Author Interview with Donna Fletcher Crow

This latest author interview features Donna Fletcher Crow. Donna Fletcher Crow is the author of several works including the book I am currently reading, A Newly Crimsoned Reliquary. A Newly Crimsoned Reliquary is the fourth installment of ‘The Monastery Murders’ series. I selected this title from the Book Club Reading List. newly-crimsoned-reliquary (1)

When did you decide to become a writer?
I have written all my life. Before I could write I told myself stories. I was an only child living on a farm, so I had a lot of quiet time to fill. I became a professional writer when I wasn’t getting pregnant as we were hoping and I didn’t want to go back to teaching–English, of course. It took me 9 months to write my first book and then I got pregnant with our daughter.

How long does it take you to write a book?
That depends on the book. I can do 2 or 3 “normal” novels in a year, but an 800-page epic like Glastonbury took me 3 years to write.

How many books have you written? Which is your favorite?
Forty-five. Whichever one I’m working on at the moment is my favorite, but I am best known for my Arthurian epic Glastonbury which covers 1500 years of English history from the birth of Christ to the reformation.

What are you working on at the minute? What’s it about?
We are in the final stages of publishing An All-Consuming Fire, book 5 in the Monastery Murders. I am holding my breath that it will be out before Christmas because this is a Christmas novel: A Christmas wedding in a monastery, what could be more romantic? And Felicity has never been happier, in spite of her over-bearing mother who wants to turn the whole event into a royal affair and Antony’s worries over the television series he is narrating on the English Mystics. Then Felicity takes on responsibility for directing an Epiphany pageant for Kirkthorpe’s wayward youth. At least, most of the vexing disruptions occurring on the filming locations are miles away from the Community of the Transfiguration. Until the threats move closer. Close enough to threaten Felicity’s life.

Will the murderer stalking the Yorkshire Moors shatter the joy of Felicity and Antony’s Christmas wedding?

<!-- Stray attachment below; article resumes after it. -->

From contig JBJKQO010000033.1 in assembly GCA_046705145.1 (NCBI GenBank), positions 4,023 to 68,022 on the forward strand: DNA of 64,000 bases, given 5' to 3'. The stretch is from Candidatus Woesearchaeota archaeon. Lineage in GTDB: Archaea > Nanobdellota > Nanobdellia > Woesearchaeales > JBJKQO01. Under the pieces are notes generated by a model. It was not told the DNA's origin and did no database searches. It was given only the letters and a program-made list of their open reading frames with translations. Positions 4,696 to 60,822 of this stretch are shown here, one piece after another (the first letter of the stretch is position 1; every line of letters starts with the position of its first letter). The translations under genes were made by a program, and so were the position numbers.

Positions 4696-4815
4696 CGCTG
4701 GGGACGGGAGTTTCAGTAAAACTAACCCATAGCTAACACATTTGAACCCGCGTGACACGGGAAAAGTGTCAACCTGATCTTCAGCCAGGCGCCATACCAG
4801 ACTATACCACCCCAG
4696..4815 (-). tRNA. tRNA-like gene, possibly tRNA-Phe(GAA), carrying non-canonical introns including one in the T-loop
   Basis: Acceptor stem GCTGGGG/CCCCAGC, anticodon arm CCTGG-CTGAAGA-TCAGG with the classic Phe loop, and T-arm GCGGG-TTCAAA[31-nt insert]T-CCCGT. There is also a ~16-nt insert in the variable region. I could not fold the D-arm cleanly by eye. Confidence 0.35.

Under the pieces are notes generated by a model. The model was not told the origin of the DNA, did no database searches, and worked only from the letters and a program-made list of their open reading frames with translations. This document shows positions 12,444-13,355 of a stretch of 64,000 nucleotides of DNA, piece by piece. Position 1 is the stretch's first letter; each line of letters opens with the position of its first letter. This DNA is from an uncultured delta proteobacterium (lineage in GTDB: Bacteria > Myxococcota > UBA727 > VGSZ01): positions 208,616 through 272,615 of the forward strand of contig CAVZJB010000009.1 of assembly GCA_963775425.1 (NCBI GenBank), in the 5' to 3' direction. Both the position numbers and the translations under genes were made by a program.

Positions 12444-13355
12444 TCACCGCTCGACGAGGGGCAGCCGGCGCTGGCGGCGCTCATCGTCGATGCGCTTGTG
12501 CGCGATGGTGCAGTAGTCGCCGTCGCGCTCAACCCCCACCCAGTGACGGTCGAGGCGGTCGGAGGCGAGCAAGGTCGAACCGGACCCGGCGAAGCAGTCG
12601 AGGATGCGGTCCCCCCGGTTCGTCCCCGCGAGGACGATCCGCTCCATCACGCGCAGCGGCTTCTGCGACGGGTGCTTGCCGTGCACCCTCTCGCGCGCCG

What is the hardest thing about writing?
First drafts! I love research–sometimes I think I write just as an excuse to get to do the research, both the reading and the onsite work in England. I also enjoy rewriting. I know many writers hate this phase of the job, but I have always been fortunate in working with topnotch editors who have taught me so much about my craft.

What was the easiest thing about writing?
I wouldn’t say the research is easy, it can be slogging hard work and frustrating at times, but it’s still the most fun. There is also a great pay back time when the printed book arrives and you actually hold it in your hand for the first time.

What do you like to do when you’re not writing?
download (3)I can’t imagine not having some part of the process going on: planning, researching, writing, editing, promoting. . . it really is endless. But I do love to read, drink tea and garden. One thing that tops it all, though, is playing with my grandchildren!

What book/s are you reading at present?
I have followed the maxim to “write what you like to read” and I love reading English mysteries. The one I have going at the moment is Peter Lovesey’s Down Among the Dead Men, one of his Peter Diamond mysteries. I started reading Lovesey way back when his Inspector Cribb Victorian mysteries were on PBS Mystery! I got to meet Peter a couple of years ago at the St Hilda’s Crime Writers’ Conference in Oxford when I was researching A Newly Crimsoned Reliquary.

What is your favorite book and why?
janeaustenOh, that isn’t a fair question to ask someone who lives and breathes books! It’s easier to start with favorite writers. No problem there–Jane Austen right off the top. I’ve been a Janeite all my life. Persuasion is my favorite of her books. My own Elizabeth and Richard Mystery, A Jane Austen Encounter, follows the Jane Austen trail visiting each one of her homes.
My favorite crime writer is Dorothy L. Sayers. Busman’s Honeymoon might be my favorite of her titles, although The Nine Tailors is superb, too.

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